Category: Howard Jarvis

Flap’s California Morning Collection: September 23, 2011

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Howard Jarvis, chief sponsor of the controversial Proposition 13, signals victory as he casts his own vote at the Fairfax-Melrose precinct –  June 1978

Photo Courtesy of the Los Angeles Times

The California Legislature is not in session and Governor Jerry Brown is continuing to sign or veto bills passed more than a week ago. The deadline for action on the legislation is October 9.

On to today’s California headlines:

Prop. 13 still highly popular, poll finds

Occasional rumblings around the Capitol about changing Proposition 13 aren’t likely to amount to much anytime soon: The landmark tax-limiting measure is about as widely popular today as when it passed in 1978, according to a new Field Poll.

By a greater than 2-to-1 ratio, with 63 percent support, California voters would endorse the measure if it were up for a vote again today, according to the poll.

“It’s still the third rail of California politics,” poll director Mark DiCamillo said. “It’s really an untouchable. Tinkering with Proposition 13 would probably be done at a politician’s own peril.”

Approved by a 65 percent to 35 percent margin 33 years ago, Proposition 13 drastically reduced property taxes and made it more difficult for lawmakers to raise taxes in general.

The level of support slipped slightly in later years, from as low as 50 percent in 1991 to 57 percent in 2008, and politicians seeking to raise revenue in a withering economy occasionally considered trying to change it.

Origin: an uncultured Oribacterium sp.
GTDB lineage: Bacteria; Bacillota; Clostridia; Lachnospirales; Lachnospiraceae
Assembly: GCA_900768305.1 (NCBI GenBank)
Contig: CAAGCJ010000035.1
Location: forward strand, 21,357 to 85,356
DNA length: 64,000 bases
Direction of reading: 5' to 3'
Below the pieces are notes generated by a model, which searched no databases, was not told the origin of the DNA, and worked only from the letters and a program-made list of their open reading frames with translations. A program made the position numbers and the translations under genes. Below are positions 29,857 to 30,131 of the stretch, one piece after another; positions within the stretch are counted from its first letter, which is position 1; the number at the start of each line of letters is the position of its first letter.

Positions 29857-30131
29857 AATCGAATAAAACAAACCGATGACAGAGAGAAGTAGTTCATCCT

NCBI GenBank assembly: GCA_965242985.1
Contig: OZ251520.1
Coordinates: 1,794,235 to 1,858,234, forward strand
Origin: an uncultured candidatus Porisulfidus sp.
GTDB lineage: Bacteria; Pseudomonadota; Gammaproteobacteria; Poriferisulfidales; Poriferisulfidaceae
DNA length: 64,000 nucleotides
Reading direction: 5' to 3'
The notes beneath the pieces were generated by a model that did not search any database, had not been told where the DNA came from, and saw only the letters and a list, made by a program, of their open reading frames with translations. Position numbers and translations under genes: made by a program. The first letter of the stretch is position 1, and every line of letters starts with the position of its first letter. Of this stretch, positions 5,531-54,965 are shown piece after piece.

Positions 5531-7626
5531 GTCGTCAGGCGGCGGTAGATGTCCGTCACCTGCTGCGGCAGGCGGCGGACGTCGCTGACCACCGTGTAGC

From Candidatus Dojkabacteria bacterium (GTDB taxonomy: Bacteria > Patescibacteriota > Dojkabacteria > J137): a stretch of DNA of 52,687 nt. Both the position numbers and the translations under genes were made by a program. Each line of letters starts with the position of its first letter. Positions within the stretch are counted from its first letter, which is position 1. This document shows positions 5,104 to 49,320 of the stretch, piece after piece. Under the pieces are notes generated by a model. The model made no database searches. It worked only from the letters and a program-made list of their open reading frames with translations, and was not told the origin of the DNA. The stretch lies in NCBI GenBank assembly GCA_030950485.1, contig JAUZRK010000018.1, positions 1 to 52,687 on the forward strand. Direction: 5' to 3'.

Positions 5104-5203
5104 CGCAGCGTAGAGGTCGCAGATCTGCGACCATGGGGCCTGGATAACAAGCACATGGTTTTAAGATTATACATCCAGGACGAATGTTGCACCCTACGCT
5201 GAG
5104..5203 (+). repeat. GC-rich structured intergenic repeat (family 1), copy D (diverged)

The poll suggests how difficult that might be: Though support among Republicans is greatest, majorities of Democrats, Republicans and independent voters all support the measure, as do majorities of both renters and homeowners, regardless of how long ago they bought their homes.

But a plurality of California voters for the first time since the proposition’s passage not only support the measure but oppose amending it to permit commercial property owners to be taxed at a higher rate. By a 50 percent to 41 percent margin, voters oppose such a change, according to the poll.

Study supports bill to end fingerprints for food stamp recipients

A new study provides support for a bill on Gov. Jerry Brown’s desk that would stop the state’s policy of fingerprinting food stamp recipients.

California’s policy is meant to deter fraud, but it keeps people from seeking aid and creates high administrative costs, according to a study this month by the Public Policy Institute of California.

Participation in California’s food stamp program, CalFresh, is much lower than in other states but would rise about 7 percent if the state stopped fingerprint requirements. The state’s administrative costs for the program, which are some of the highest in the country, would drop about 13 percent, according to the study.

Legislation eliminating the fingerprinting process – AB 6 by Assemblyman Felipe Fuentes, D-Arleta – is waiting for Brown’s signature. It passed the Legislature despite opposition from Republicans, who argued that the requirement deters fraud, making it harder to get food stamps from multiple jurisdictions or using multiple identities.